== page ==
Almost every American is aware of the trade dispute between America and China. President Trump has levied tariffs on Chinese imports in an effort to bring China to the bargaining table to negotiate a new trade deal. Intellectual property theft has been a major issue that lead to the U.S. House of Representatives barring the U.S. government from buying gear from China’s Huawei, the leader in telecom supplies and the number 1 phone manufacturer. What is not discussed by the media or the Trump administration are the tens of millions of American pensions invested in Chinese companies. Some of these companies are tied to the Peoples Liberation Army (PLA) of China, which was founded by the Communist Party of China. This connection would make those companies state run companies listed in our capital markets. Seven companies as of October have been blacklisted by the Trump administration for human rights abuses. One such company, Hikvision, is blacklisted for its role of providing surveillance cameras for the concentration camps that detain millions of Uyghur Muslims in the Xinjiang region. Other companies, such as the largest dredging operation, the China Communications Construction Company, are responsible for the highly controversial building of the man-made islands in the South Chinese sea.
Beijing’s National Intelligence Law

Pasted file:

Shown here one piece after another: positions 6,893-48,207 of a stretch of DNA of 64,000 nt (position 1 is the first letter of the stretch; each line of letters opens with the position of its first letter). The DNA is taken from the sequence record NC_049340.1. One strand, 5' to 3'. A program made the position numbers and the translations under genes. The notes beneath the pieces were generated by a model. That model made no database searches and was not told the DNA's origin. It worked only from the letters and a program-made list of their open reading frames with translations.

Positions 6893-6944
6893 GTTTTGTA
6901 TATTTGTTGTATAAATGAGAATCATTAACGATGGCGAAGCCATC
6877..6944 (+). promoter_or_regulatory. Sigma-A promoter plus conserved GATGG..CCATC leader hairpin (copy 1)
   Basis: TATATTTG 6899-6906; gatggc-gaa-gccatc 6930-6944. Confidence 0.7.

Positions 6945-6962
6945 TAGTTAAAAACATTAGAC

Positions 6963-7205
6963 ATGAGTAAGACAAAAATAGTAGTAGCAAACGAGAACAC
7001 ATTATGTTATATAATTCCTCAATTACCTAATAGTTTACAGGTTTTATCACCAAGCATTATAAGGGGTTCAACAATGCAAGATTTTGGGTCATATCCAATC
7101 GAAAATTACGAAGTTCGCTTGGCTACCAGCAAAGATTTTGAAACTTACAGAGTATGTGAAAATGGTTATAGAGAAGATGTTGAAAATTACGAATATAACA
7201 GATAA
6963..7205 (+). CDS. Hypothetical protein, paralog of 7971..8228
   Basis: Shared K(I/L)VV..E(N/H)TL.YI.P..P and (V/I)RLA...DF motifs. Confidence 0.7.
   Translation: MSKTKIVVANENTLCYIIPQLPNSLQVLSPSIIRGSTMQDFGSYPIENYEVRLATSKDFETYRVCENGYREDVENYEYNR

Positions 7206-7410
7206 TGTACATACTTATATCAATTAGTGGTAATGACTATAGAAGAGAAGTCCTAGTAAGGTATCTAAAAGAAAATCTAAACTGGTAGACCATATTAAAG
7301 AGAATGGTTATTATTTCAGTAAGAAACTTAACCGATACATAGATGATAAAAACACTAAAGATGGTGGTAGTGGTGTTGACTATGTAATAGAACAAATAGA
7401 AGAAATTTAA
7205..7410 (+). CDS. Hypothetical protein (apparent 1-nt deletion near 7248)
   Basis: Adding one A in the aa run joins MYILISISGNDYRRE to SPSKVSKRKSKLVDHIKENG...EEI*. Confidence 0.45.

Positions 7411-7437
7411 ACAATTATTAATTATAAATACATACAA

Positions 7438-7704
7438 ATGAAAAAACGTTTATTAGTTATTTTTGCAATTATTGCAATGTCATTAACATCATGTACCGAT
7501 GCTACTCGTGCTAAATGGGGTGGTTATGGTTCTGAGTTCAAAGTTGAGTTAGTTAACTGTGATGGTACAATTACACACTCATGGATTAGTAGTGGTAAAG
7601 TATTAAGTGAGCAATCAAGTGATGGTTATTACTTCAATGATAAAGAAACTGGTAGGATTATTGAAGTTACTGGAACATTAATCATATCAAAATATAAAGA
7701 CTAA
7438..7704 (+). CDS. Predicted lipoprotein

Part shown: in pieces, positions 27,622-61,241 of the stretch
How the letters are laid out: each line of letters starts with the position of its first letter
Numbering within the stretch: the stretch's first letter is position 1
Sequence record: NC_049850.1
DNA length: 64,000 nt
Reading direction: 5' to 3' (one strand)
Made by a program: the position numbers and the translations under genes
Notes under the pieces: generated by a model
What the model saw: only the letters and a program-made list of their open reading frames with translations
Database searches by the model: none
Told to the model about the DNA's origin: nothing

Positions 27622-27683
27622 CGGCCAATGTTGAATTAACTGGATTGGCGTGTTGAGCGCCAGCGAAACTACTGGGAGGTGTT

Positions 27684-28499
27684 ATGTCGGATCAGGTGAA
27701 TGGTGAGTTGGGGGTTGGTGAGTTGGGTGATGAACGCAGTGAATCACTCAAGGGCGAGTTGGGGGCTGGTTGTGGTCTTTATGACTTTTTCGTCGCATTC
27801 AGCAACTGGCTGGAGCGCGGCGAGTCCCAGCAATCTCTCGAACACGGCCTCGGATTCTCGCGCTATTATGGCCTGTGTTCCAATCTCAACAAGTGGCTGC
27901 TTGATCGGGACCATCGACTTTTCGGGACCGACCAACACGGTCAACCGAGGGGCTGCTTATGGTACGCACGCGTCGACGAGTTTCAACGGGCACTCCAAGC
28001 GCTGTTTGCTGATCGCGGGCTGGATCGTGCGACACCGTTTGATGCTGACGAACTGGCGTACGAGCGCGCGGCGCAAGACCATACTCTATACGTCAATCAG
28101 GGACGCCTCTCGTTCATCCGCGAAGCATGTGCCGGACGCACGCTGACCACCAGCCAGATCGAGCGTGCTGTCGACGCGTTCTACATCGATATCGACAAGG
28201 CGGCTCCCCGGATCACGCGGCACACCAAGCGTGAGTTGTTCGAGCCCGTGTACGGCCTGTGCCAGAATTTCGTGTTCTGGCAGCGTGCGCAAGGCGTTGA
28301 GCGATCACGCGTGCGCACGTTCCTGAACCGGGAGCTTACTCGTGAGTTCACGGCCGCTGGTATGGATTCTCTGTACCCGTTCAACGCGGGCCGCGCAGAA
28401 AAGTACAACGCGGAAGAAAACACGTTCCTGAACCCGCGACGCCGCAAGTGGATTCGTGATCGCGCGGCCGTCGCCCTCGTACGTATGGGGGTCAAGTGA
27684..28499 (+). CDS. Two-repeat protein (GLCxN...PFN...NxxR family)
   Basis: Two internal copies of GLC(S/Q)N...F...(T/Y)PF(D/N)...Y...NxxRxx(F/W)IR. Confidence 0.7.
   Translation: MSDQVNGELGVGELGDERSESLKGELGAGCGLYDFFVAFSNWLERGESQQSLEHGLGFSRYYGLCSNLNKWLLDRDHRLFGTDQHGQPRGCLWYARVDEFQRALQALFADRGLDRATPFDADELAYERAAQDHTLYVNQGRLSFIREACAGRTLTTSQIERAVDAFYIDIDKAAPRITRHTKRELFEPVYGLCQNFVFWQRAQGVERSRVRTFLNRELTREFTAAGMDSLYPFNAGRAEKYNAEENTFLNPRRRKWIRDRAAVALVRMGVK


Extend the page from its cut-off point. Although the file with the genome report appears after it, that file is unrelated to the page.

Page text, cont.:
According to CEO and president of the risk management company RWR Advisory Group, Roger Robinson, over 650 Chinese enterprises are listed in U.S. capital markets. 86 such companies are listed on the New York Stock Exchange (NYSE), and 62 on NASDAQ, and over 500 on the less regulated and most popular “over the counter” markets. Most concerning, other than the fact American investors are unwittingly financing these companies, is the threat they pose to U.S. national security. Beijing’s National Intelligence Law mandates that Chinese companies give access and support Beijing’s intelligence services. At the will of the Chinese government this access and support can extend to foreign citizens, companies, organizations, and even students studying in America. As you can imagine, creators of surveillance technology such as Hikvision, and defense contractors are focal points of Beijing and a direct threat to U.S. national security. Listed on the NYSE is China Unicom. China Unicom is a PLA contractor that provides telecommunications and signal intelligence facilities to the Chinese military in the South China Sea. They are also the single internet provider to North Korea. To illustrate the threat that China Unicom is to national security, China Unicom provided the PLA with the technology that allowed APT1 to hack into the systems of hundreds of American companies to steal trade secrets and other intellectual property. So the next time an American entity is hacked and we are told “China did it”, you may consider China Unicom being behind the technology that enabled the hacking. Flytek Co. Ltd. is one of the previously mentioned blacklisted companies and they provide speech recognition technology. Aviation Industry Corporation of China (AVIC), is one of multiple companies which poses a risk to U.S. military. Iran was provided with its new ground-based anti-ship cruise missiles which can be used against American naval forces in the 6th Fleet by AVIC. Surprisingly, AVIC has been sanctioned many times but has never been delisted from U.S. capital markets. China Shipbuilding is a company name that sounds innocent on its face but, it builds guided missile destroyers, and nuclear ballistic missile submarines. Submarines that could be used to target American cities in time of war.